If your business accepts credit card payments, you have probably heard of the Payment Card Industry Data Security Standard (PCI DSS) and the term “PAN data.” PAN is an acronym for primary account number. It refers to the unique payment card number that identifies the issuer and the cardholder account. This information is protected under PCI DSS.

Storing your customers’ entire PAN data drastically raises your company’s security risk. Moreover, it hinders PCI compliance because it requires a series of additional steps to prevent data breaches of stored PAN. PCI DSS requirement 3.4 states that all merchants must use one of the following methods to render PAN unreadable and unrecoverable:

  • Strong cryptographic one-way hashes of the entire PAN
  • PAN truncation
  • Index tokens and pads
  • Key-management processes and procedures backed by strong cryptography

Meanwhile, PCI DSS requirement 3.3 requires that the PAN data be masked when displayed. This way, the only digits of the PAN visible are the first six and last four, so that only authorized individuals with legitimate business needs can see the rest of the information.

What Is the Difference Between PAN and Cardholder Data?

In its official glossary, the PCI Security Standards Council (PCI SSC) states: “At a minimum, cardholder data consist of the full PAN.” This may seem to suggest that cardholder data and PAN data are interchangeable terms, but they are not. Cardholder data can also include the cardholder name, service code, expiration date, and sensitive authentication data (SAD).

In other words, PAN data is only one part of cardholder data, among many other parts. Yes, PAN data must be protected according to the PCI SSC regulatory standards, but PAN information has tighter protection regulations than the majority of cardholder data for its storage.

What Is the Process of PAN Data Protection?

PCI DSS requirements 3.3 and 3.4 describe the practices required within the cardholder data environment for storing PAN data. These personal data protection processes have the same objective (to make the data unreadable) but vary in the method of achieving secure data storage.


Masking is display protection for the PAN data that limits the amount of visible information when validating information or extracting information for display. This process masks PAN digits with Xs or other symbols, leaving only the first six and last four digits visible on documents and screens. It’s important to note that a masked PAN can be unmasked.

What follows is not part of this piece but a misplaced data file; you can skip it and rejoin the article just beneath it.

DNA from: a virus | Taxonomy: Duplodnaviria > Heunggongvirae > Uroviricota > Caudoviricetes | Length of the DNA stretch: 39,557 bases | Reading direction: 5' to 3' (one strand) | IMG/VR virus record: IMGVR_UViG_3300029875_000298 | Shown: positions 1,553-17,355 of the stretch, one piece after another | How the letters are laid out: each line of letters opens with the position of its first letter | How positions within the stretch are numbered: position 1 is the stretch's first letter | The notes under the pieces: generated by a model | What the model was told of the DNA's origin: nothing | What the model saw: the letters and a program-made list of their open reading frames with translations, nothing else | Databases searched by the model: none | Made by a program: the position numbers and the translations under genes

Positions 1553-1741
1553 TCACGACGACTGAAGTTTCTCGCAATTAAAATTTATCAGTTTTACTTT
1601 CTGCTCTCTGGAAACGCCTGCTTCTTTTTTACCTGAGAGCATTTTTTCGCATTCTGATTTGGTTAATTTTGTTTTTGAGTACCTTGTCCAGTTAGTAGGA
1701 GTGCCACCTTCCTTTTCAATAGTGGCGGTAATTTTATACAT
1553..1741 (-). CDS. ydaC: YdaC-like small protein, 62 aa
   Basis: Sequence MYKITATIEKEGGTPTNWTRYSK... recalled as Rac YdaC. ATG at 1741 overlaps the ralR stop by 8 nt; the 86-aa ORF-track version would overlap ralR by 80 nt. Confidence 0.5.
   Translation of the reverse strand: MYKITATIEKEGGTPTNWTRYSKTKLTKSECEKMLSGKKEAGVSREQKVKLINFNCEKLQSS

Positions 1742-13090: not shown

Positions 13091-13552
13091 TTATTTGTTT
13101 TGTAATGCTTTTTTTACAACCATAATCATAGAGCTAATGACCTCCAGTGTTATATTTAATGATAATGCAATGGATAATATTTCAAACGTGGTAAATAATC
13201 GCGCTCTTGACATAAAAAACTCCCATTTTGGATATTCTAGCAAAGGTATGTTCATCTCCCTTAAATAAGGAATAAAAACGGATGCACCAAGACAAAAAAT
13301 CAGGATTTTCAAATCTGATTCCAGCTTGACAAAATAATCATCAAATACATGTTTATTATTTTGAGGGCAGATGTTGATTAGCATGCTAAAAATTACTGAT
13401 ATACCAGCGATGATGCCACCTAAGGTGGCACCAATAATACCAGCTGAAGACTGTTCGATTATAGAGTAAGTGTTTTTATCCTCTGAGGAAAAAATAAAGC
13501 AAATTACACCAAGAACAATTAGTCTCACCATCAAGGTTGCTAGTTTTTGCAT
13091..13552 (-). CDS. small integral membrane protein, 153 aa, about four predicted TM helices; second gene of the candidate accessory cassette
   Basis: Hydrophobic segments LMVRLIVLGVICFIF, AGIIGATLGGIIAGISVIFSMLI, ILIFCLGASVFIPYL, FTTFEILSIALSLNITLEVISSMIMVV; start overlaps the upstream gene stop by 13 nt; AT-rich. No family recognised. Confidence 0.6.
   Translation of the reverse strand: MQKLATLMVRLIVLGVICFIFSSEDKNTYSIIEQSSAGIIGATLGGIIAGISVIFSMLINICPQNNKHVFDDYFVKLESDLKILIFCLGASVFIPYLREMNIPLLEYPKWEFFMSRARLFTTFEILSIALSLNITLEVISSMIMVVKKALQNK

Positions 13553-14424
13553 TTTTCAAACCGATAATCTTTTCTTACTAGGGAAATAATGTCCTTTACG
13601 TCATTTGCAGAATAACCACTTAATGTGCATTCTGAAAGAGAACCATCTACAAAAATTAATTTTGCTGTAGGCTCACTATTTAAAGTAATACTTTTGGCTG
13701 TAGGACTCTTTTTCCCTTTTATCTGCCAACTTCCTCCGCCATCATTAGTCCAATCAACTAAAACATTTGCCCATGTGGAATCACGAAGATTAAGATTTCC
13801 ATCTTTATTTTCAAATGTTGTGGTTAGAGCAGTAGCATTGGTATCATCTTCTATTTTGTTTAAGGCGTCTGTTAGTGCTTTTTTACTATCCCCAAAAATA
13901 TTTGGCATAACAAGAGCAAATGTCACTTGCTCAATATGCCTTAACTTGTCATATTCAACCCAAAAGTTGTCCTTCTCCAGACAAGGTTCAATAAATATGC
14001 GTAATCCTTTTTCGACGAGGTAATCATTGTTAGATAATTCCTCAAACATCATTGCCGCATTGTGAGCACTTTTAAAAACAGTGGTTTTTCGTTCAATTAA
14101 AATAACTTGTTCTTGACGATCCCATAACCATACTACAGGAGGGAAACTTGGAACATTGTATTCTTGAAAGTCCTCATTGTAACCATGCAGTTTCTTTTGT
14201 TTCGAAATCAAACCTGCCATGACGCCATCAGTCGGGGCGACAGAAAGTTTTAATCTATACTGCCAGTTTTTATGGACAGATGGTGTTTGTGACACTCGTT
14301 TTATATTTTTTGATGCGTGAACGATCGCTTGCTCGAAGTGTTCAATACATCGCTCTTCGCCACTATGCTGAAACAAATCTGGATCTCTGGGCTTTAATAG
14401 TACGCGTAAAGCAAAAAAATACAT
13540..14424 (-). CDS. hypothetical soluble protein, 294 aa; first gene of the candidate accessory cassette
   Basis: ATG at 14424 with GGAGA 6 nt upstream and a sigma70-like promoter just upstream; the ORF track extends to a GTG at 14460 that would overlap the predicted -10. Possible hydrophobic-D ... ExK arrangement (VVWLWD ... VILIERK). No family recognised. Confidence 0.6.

Truncation also displays no more than the first six and last four digits, but differs from masking because part of the PAN is literally removed from the data set. In the event of a data breach, the truncated segments of PANs have no value and cannot be used in any way.

One-Way Hashing

This encryption method relies on a hash function to convert the PAN into a unique data string, assuring that every PAN has a different result. This hash value is irreversible and commonly used in card-not-present transactions for later verification of such information. Even if there is no way to decrypt the hash, the PAN itself will have the same hash.


Encryption is a process similar to PAN storing protection since there is a change between the PAN digits entered and the string stored in the servers. In this case, the data is encrypted using cryptographic keys, which can reverse the function and access the encrypted information. These encryption keys are securely stored, protecting the PAN information.


Tokenization is a middle ground between one-way hashes and encryption. It replaces the original PAN with a surrogate string, a token. Tokens can be calculated directly from the PAN, similar to one-way hashes, or randomly generated.

What Is PCI DSS Compliance?

The Payment Card Industry Data Security Standard applies to any business that stores, processes, or transmits cardholder data, especially in the case of PAN data. Consequently, PCI compliance is essential to avoid fines imposed by financial institutions or credit card issuers for poor cybersecurity.

The PAN data protection requirements are an essential part of PCI compliance, but they aren’t the only requirements within the PCI DSS. Organizations must invest in PCI compliance management to reduce the reputational and financial risk related to non-compliance with this standard.

Discover How ZenGRC Helps With Compliance

You’ll need the correct tools to demonstrate PCI DSS compliance. Spreadsheets and other antiquated risk management techniques can cause confusion, redundancy, and hazardous gaps in your data security procedures.

ZenGRC is a software platform designed to make compliance more straightforward than ever before, whether you’re completing a self-assessment or preparing for an audit. ZenGRC helps expedite your compliance process and assures that no detail is overlooked by centralizing your information and automating assignments and requests.

Its single source of truth ensures your organization is always audit-ready. Policies and procedures are revision-controlled and easy to find in the document repository. Workflow management features offer easy tracking, automated reminders, and audit trails. Insightful reporting and dashboards give visibility to gaps and high-risk areas.

ZenGRC also connects effortlessly with various tools, moving data for you and mapping controls to all of your compliance standards, whether PCI, HIPAA, SOC, and others.

With ZenGRC, you can let the software handle the tedious tasks of compliance while you focus on the big picture. Schedule a demo today!